Oil Giants Exxon & Shell Earn $54 Billion in 2012, After Taking $800 Million In Annual Tax Breaks
These two companies, along with the rest of the Big Five, continue to receive century-old annual tax breaks. At the same time, Exxon and Shell funnel a portion of their dollars toward lobbying against environment and public health protections, while also funding climate denier candidates. This summer, Exxon CEO Rex Tillerson said that he recognized carbon pollution causes warming, but minimized the full impact saying “those consequences are manageable.” Meanwhile, extreme weather damages in the U.S. alone have potentially cost up to $144 billion since 2011.
Below are the highlights of where Exxon and Shell spend their earnings:
– Exxon received an estimated $600 million in annual tax breaks. It paid just a 13 percent federal tax rate.
– Exxon spent $5.1 billion — or 53 percent– of this quarter’s profits to buy back its own stock, which enriches the largest shareholders.
– Oil production for Exxon for Q3 in 2012 is 5 percent lower than this time last year (2.1 million of barrels per day in Q3 2012 vs. 2.2 million in Q3 2011).
– In 2012 alone, Exxon spent $12.7 million lobbying Congress, according to the latest Federal Election Commission figures.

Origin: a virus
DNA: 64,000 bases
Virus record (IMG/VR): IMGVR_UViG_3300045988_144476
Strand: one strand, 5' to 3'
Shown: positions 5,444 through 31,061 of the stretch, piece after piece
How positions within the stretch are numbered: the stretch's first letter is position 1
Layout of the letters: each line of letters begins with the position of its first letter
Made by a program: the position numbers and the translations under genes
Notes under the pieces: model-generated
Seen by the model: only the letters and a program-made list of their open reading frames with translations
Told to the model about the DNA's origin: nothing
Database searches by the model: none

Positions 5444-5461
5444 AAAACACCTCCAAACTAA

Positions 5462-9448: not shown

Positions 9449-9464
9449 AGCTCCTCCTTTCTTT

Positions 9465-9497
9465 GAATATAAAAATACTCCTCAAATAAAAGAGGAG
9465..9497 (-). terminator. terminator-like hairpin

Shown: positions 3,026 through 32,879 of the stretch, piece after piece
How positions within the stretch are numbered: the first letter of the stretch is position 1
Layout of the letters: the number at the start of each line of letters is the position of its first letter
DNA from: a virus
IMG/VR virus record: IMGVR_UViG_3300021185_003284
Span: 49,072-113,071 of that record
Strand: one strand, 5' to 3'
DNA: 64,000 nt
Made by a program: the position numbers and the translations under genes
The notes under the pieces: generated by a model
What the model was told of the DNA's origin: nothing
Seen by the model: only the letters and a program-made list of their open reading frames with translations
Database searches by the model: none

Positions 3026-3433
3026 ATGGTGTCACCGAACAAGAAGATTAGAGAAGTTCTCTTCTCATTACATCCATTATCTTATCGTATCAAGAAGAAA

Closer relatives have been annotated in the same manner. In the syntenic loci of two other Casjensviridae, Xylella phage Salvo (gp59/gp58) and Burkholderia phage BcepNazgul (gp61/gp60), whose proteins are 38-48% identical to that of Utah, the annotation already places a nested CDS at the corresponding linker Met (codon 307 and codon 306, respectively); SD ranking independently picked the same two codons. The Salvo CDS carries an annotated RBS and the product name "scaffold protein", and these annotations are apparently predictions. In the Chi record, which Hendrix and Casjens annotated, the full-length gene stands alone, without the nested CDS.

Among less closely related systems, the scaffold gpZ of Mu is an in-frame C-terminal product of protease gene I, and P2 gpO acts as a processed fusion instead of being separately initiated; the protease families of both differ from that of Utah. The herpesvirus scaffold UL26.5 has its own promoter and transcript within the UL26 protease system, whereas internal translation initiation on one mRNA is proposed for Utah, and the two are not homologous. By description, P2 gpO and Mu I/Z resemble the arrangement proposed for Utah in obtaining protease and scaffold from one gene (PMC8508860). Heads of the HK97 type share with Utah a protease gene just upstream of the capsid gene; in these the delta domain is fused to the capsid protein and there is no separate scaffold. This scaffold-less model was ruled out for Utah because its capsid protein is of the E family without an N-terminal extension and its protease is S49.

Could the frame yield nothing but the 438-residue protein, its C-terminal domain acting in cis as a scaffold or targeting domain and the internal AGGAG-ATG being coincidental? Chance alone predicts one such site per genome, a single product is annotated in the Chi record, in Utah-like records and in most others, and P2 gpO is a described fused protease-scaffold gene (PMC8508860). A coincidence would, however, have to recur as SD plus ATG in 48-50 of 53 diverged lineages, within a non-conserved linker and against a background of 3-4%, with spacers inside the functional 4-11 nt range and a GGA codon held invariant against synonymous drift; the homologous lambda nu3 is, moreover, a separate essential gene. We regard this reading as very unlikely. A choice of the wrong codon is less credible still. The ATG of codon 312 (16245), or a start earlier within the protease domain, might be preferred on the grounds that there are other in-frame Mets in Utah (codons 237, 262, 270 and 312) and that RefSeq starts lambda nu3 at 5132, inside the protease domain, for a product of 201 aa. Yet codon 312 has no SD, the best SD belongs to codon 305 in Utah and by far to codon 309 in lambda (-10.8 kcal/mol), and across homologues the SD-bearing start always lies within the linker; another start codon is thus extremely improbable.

– Exxon spent $2.1 million on direct federal and congressional campaign contributions so far in the 2012 election cycle, with 90 percent going to Republicans.
– Some of the biggest Congressional recipients include Senate Minority Leader Mitch McConnell (R-KY), Sen. John Barrasso (R-WY), and Speaker of the House John Boehner (R-OH).
– Exxon’s CEO Rex Tillerson’s total compensation in 2011 was $34.9 million.
Royal Dutch Shell:
– Shell received a $200 million annual tax break in 2011.
– Shell has $18.8 billion in cash-on-hand.
– In the third quarter, Shell used $149 million of its profits to buy back its own stock.
– Shell’s oil production decreased by 5 percent compared to this time last year (1.59 million of barrels per day in 2012 vs. 1.67 million in 2011).
– Shell spent more on lobbying than the other Big Oil companies – $12.9 million so far in the 2012 election cycle – according to the latest Federal Election Commission figures.
–Shell just finished drilling top holes in Arctic waters for the year, after issues with its containment barge and ice flows created delays.
The last of the Big Five oil companies, Chevron, will release its third quarter profits Friday.